Apologetics Share Effective Ways to Defend LDS Faith
Contributed By By R. Scott Lloyd, Church News staff writer
- The FAIR conference highlights LDS apologetics, which is the academic defense of the faith.
- In defending the faith, guard against ego gratification, revenge satisfaction, and “righteous anger.”
- FAIR has helped people who are interested in the message of the Church to find the truth.
“We are called, all of us, by virtue of the covenants we have taken upon ourselves to bear record to the world, and we should avail ourselves of every tool we have.”
—Brother Daniel C. Peterson
When Daniel C. Peterson years ago became involved with LDS apologetics (the academic defense of the faith), it was with the intent “to help faltering Church members and to help interested observers see enough plausibility in the Church’s claims to take the gospel seriously or to overcome their doubts.”
But, speaking August 2 at the FAIR conference, he said, “We have to beware, because other goals can substitute themselves for the principal goal of bringing people into the Church, helping people to maintain and retain testimony.”
Worthy goals, he said, “can slide into the unworthy. For example, ego gratification, revenge satisfaction, ‘righteous anger’—all of those things are temptations along the apologetic path, and they’re very ineffective. They don’t accomplish what you initially intended to do.”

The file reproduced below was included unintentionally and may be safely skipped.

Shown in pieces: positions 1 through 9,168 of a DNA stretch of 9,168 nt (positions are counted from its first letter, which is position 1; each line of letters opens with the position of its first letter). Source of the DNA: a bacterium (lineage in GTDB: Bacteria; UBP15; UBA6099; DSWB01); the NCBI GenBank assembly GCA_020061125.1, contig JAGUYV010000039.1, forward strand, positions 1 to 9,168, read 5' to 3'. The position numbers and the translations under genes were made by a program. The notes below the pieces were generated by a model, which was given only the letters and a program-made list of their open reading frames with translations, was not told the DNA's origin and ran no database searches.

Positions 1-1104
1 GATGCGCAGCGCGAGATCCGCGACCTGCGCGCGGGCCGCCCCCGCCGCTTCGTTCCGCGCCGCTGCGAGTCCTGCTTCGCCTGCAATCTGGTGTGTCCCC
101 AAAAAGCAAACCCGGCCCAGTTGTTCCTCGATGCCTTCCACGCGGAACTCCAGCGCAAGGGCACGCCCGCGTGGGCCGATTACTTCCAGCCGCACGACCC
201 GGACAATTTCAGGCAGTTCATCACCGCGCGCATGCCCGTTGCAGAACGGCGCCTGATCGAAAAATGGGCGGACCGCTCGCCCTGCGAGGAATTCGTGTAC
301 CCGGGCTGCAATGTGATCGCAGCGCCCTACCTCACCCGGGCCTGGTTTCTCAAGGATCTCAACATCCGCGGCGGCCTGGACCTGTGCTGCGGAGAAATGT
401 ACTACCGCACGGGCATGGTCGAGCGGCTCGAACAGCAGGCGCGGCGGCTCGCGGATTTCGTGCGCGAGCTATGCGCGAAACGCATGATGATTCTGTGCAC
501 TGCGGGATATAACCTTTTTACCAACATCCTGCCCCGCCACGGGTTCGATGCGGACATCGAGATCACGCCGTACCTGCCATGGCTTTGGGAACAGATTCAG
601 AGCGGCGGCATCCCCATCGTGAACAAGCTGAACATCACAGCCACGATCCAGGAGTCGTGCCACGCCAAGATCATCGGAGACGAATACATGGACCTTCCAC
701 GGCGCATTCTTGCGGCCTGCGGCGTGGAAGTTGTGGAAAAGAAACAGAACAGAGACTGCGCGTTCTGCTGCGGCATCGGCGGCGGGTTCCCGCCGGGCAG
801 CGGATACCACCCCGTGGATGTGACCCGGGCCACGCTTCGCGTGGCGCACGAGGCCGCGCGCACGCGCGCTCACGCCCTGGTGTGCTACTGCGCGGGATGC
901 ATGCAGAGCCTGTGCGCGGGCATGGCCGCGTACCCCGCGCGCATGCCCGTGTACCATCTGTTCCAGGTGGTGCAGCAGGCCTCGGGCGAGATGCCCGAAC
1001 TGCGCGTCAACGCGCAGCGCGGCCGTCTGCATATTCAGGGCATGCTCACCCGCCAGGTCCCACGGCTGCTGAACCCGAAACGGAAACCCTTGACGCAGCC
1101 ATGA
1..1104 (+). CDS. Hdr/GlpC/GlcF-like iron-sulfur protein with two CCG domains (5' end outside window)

A professor of Islamic studies and Arabic at BYU and a founder of the year-old online publication Interpreter, a Journal of Mormon Scripture, Brother Peterson addressed the topic “Toward a More Effective Apologetics.”
Brother Peterson said people accept the gospel because for them it fulfills a “deep, spiritual hunger,” though it has to make sense to them as well on an intellectual level. “That’s the kind of person we want to find,” he said, “the person who wants to have faith to believe.”
Posing the question “How do we find those people?” he contrasted the age-old missionary activity of door-to-door tracting with the more promising endeavor of interacting with those who come to a Church visitors’ center, those who are “self-selected” as being interested in the message of the Church.
“It seems to me we need an army of people going out to preach the gospel, and it doesn’t always mean apologetics in the conventional sense,” he said. “A lot of it is about just presenting the gospel as an option that makes sense in your life.”
As “an exciting new avenue for doing some of that,” he introduced the audience to a new Internet message board called the World Table, sponsored by a group called the Foundation for Religious Diplomacy. Soon to be beta tested, it is unique in a number of ways, including accountability and the fact that participants rate one another on civility.
The hope is that visitors will come to the forum with mutual goodwill and willingness to learn and converse productively.
“We are called, all of us, by virtue of the covenants we have taken upon ourselves to bear record to the world, and we should avail ourselves of every tool we have,” Brother Peterson testified in conclusion.